Sunday, April 8, 2012

Ham I Am

Definition of eternity; two people and a ham. ~ (old cook’s saying).

Ham or lamb seems to be the choice for Easter dinners in the US, with most of us unaware that this was due to food storage problems prior to the invention of deep freezes and trans-continental motorized shipping.  A ham could be cured from the pig slaughtered in the fall and kept safe from trichinosis and other dangers until spring.  A lamb could be slaughtered and the meat consumed within days.

Of course, modern supermarkets are kind enough to sell ham by the slice now, which is a good thing.  It’s bad enough that the spousal unit and I eat turkey for five days after Thanksgiving and Christmas.  Trying to eat up an entire pig’s haunch would about do it for me.

Fortunately there is that ducky little culinary invention, the casserole; not all of which involved boiled noodles and a can of some kind of condensed soup.  I’m looking at some of the offerings from my copy of Better Homes and Gardens Casserole Cook Book, circa 1968.  This recipe doesn’t too bad – it  includes American cheese but no other processed ingredients.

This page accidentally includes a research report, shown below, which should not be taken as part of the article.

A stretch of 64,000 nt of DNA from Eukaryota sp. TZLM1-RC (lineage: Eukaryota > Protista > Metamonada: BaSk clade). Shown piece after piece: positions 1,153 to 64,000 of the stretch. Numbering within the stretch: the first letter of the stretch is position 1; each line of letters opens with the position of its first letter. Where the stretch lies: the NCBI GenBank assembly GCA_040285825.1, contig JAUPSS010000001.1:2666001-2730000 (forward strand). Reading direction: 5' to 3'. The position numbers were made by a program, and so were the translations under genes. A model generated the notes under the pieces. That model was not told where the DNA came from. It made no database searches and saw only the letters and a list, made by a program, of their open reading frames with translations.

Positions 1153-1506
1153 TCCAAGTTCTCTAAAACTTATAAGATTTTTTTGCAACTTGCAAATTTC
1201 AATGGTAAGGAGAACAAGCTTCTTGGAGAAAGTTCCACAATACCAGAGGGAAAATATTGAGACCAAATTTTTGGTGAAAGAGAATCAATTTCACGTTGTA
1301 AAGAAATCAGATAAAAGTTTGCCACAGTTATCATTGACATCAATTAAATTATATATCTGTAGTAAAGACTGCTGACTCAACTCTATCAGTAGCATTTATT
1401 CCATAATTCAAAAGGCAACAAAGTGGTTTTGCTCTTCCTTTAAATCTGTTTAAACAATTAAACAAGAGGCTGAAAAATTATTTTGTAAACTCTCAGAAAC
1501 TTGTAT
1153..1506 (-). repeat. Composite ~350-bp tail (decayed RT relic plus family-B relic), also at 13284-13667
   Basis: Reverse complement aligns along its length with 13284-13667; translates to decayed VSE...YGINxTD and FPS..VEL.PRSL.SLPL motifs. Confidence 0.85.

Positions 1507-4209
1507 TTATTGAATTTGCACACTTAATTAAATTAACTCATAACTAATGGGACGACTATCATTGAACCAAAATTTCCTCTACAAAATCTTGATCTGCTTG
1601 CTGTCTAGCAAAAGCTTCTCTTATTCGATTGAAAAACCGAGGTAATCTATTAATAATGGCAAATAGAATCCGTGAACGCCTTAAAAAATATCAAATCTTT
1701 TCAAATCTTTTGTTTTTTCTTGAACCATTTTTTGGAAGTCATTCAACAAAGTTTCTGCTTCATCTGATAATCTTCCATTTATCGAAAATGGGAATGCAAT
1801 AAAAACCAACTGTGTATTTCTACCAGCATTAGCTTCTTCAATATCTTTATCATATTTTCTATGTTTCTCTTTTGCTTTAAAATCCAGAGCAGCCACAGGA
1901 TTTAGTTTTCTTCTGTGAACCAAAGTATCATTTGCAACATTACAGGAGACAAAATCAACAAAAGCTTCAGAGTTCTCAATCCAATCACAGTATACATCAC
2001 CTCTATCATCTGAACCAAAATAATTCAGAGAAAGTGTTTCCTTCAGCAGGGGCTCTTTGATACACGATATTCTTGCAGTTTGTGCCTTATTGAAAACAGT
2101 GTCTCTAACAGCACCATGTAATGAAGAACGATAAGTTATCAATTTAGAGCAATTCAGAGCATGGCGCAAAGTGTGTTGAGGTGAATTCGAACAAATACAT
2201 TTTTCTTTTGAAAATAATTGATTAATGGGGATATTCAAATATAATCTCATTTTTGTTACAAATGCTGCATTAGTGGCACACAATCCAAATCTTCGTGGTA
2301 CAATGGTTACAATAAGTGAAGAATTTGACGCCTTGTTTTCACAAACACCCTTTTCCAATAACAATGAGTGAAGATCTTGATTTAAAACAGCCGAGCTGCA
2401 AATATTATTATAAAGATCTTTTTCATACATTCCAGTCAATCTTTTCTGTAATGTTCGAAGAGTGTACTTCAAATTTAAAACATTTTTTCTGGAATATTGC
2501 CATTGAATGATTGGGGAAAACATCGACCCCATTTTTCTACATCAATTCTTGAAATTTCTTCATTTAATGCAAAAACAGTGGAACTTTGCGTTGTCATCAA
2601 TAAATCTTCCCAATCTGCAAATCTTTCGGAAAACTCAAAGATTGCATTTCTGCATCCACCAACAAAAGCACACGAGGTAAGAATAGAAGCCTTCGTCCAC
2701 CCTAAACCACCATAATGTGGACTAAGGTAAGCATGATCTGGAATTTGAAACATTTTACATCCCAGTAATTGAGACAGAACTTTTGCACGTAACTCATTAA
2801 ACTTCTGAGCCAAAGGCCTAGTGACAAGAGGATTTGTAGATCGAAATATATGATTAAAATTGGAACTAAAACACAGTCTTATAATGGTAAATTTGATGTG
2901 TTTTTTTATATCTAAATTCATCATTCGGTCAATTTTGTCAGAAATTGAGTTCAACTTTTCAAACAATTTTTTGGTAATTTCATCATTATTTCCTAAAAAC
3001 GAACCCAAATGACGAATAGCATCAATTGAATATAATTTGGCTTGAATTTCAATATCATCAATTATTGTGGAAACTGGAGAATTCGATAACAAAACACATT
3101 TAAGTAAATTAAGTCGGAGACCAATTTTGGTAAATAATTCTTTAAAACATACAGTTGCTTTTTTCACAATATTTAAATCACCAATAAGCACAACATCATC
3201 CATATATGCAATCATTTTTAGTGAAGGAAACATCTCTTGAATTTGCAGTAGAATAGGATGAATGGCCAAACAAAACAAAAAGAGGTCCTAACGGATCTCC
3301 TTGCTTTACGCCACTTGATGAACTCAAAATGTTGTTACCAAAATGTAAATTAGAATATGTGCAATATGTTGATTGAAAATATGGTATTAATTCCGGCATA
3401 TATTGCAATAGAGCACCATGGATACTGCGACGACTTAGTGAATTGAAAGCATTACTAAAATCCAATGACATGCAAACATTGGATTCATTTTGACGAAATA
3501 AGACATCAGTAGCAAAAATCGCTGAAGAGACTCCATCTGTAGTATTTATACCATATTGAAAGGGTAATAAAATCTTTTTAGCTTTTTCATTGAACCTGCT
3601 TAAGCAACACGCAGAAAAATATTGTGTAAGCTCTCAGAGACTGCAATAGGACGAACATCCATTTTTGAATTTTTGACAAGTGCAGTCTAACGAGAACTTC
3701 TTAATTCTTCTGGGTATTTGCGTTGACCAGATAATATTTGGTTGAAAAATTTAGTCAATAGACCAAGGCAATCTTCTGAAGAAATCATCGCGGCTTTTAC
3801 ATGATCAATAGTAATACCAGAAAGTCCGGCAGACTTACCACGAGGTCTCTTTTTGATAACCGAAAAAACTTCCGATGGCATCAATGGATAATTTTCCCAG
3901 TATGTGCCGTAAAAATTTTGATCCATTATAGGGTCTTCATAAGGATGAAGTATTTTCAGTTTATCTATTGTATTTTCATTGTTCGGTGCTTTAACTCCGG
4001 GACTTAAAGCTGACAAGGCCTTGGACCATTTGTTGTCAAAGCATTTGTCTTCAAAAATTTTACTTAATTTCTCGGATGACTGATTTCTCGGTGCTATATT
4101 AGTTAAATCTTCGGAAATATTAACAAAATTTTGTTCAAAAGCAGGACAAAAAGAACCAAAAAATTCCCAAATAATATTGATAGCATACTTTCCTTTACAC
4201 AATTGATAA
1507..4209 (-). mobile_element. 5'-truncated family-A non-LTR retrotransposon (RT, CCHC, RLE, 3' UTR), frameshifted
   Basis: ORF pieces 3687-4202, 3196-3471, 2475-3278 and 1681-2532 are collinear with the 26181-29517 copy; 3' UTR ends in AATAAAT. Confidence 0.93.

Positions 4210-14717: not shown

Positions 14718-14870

Ham-Potatoes au Gratin

¼ cup chopped green onion
¼ cup chopped green pepper
2 T. butter or margarine
1 T. all-purpose flour
dash pepper
1 c. milk

4 oz sharp process American cheese, shredded (1 cup)
¼ c. mayonnaise or salad dressing
3 medium potatoes, cooked and diced (3 cups)
1 pound cooked ham, diced (2 cups)

Cook onion and green pepper in butter until tender.  Stir in flour and pepper.  Add milk all at once and bring to boil stirring constantly.  Reduce heat; add cheese and mayonnaise; stir till cheese melts.  Combine potatoes and ham with sauce.  Bake in a 10x6x1 ½ inch  baking dish in moderate oven (350°) for30 to 35 minutes.  Makes 4-6 servings.

No salt, I notice, but the cheese probably makes up for it.  This is one of the more acceptable offerings; on the next page there’s a recipe for California Curry Platter that calls for hard-boiled eggs, ham, raisins, rice, curry powder and monosodium glutamate.


Kimberly said...

We have two small finicky boys who have never in their lives consented to eat ham, despite adoring bacon.

This year we made marinated roast chicken for Easter dinner instead. Worked like a charm.

Anne said...

1968 was the height of the fad for Accent, MSG you could sprinkle on food during cooking or at the table. I still see it on the supermarket shelves.